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Browsing: Adams Family Correspondence, Volume 1


Docno: ADMS-04-01-02-0124

Author: Adams, John
Recipient: Adams, Abigail
Date: 1775-04-30

John Adams to Abigail Adams

[salute] My Dear

I arrived here, last Evening, and have attended Mr. Strongs Meeting all this Day. I rode alone, all the Way to this Place. Here I found my worthy Brothers Hancock and Adams.1 Cushing, We hear, spends this Day at Windham, and has sent us Word that he will join us here, tomorrow.—Mr. Paine is here too.—All well.
We have good Accounts from N. York and N. Ca[rolina]—very good. I have no Doubts now of the Union.
{ 189 }
Jose. Bass is a very clever, sober, discreet Youth. He has been an agreable Companion to me, and very attentive. Let his Friends know he is well, and highly pleased with his Travells.2 My Love to the Children and all the Family. My Duty to my Mother, and Love to my two Brothers. My Duty to your Father. Tell him, my Mare will carry me like a Lion to Phyladelphia, and that his behaves very well.3 My Duty to your Mother, and a thousand thanks for her Cake. Love to Brother Cranch and sister, and to sister Betcy. Let every Body write to me. I will write you, as often as possible. God bless you and yours.
[signed] No Name
RC (Adams Papers); addressed: “To Mrs. Abigail Adams Braintree”; endorsed: “No. 1.”
1. JA had probably set off for the second Continental Congress on 26 April. John Hancock had replaced James Bowdoin (who had not attended the first Congress) in the Massachusetts delegation. From Hartford on, the delegates traveled together, arriving in Philadelphia on 10 May.
2. Joseph Bass, a Braintree neighbor's son, was JA's servant during the second Congress. See JA's accounts with him in Diary and Autobiography, 2:167, 170, 225–226.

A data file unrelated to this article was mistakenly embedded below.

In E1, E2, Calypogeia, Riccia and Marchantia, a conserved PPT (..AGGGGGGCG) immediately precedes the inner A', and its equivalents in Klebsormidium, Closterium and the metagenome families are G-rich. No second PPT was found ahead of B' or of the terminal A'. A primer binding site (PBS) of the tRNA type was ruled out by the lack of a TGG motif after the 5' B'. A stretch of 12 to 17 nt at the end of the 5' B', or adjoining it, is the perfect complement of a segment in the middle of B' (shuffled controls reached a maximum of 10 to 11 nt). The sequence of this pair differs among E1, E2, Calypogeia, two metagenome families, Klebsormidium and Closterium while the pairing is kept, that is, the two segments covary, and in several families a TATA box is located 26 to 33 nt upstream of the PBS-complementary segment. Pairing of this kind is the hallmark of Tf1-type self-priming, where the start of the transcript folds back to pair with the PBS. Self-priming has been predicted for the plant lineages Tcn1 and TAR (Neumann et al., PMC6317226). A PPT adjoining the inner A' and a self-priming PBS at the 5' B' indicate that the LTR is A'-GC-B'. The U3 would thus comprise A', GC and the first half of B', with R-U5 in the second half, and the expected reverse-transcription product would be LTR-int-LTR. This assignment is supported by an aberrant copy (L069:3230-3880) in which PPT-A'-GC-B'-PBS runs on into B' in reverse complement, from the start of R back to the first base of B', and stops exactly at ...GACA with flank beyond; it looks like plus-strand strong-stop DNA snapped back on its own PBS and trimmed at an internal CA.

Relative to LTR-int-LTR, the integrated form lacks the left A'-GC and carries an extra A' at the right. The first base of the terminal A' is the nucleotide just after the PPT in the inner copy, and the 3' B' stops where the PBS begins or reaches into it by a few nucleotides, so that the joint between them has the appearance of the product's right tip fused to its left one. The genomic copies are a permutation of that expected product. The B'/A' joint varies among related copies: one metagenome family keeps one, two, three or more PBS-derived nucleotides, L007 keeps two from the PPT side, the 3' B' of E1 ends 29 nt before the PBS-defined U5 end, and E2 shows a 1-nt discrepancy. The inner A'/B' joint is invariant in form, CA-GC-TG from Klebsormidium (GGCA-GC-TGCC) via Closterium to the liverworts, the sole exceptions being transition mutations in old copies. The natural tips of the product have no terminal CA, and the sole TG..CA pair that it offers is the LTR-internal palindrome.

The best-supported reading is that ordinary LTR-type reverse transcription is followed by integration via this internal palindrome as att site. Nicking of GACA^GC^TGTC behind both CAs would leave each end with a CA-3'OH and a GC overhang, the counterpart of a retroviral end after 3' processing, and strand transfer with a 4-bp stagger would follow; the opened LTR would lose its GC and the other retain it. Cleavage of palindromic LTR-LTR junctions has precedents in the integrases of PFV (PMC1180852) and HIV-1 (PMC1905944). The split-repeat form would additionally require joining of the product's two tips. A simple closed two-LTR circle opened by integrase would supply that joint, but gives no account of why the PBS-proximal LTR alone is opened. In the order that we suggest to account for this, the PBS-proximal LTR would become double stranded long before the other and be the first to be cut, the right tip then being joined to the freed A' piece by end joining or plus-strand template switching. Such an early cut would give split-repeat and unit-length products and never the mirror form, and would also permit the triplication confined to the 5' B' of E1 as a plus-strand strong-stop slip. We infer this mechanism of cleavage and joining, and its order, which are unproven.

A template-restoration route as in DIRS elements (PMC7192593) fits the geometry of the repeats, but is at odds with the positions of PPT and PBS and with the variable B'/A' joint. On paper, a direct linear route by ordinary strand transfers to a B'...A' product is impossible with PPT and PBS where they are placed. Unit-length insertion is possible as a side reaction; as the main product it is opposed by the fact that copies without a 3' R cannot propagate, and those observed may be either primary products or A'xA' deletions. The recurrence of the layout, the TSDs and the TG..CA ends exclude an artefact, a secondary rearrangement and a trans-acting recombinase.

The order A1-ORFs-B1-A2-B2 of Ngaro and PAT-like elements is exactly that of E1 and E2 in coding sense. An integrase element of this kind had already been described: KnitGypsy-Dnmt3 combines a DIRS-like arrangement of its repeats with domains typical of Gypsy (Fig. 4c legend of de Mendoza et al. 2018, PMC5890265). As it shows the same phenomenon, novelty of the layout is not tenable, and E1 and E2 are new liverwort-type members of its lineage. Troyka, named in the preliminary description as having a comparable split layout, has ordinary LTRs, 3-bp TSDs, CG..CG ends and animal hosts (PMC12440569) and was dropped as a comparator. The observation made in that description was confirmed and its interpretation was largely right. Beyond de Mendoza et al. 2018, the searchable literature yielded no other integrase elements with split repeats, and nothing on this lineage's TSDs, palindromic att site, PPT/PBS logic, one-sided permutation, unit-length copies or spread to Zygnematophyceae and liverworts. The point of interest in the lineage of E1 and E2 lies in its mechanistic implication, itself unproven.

3. See, however, JA to AA, 8 May, below.

Docno: ADMS-04-01-02-0125

Author: Adams, John
Recipient: Adams, Abigail
Date: 1775-04-30

John Adams to Abigail Adams

New York has appointed an ample Representation in our Congress, and have appointed a provincial Congress. The People of the City, have siezed the City Arms and Ammunition, out of the Hands of the Mayor who is a Creature of the Governor. Lord North will be certainly disappointed, in his Expectation of seducing New York. The Tories there, durst not shew their Heads.
The Jerseys are arroused, and greatly assist the Friends of Liberty in New York.
North Carolina has done bravely, chosen the old Delegates in Provincial Congress, and then confirmed the Choice in General Assembly, in Opposition to all that Governor Martin could do.
The Assembly of this Colony is now sitting at Hartford. We are treated with great Tenderness, Sympathy, Friendship and Respect. Every Thing is doing by this Colony, that can be done by Men—both for N. York and Boston.
Keep your Spirits composed and calm, and dont suffer your self to be disturbed, by idle Reports, and frivolous Alarms. We shall see { 190 } better Times yet. Lord North is ensuring us success.—I am wounded to the Heart, with the News this Moment told me of J. Quincys Death.1
RC (Adams Papers); addressed: “To Mrs. Abigail Adams Braintree”; endorsed: “C No 1 No 2.”
1. Josiah Quincy “the Patriot”; see AA to JA, 16 Oct. 1774, above, and note 2 there.
Cite web page as: Founding Families: Digital Editions of the Papers of the Winthrops and the Adamses, ed.C. James Taylor. Boston: Massachusetts Historical Society, 2014.
http://www.masshist.org/apde2/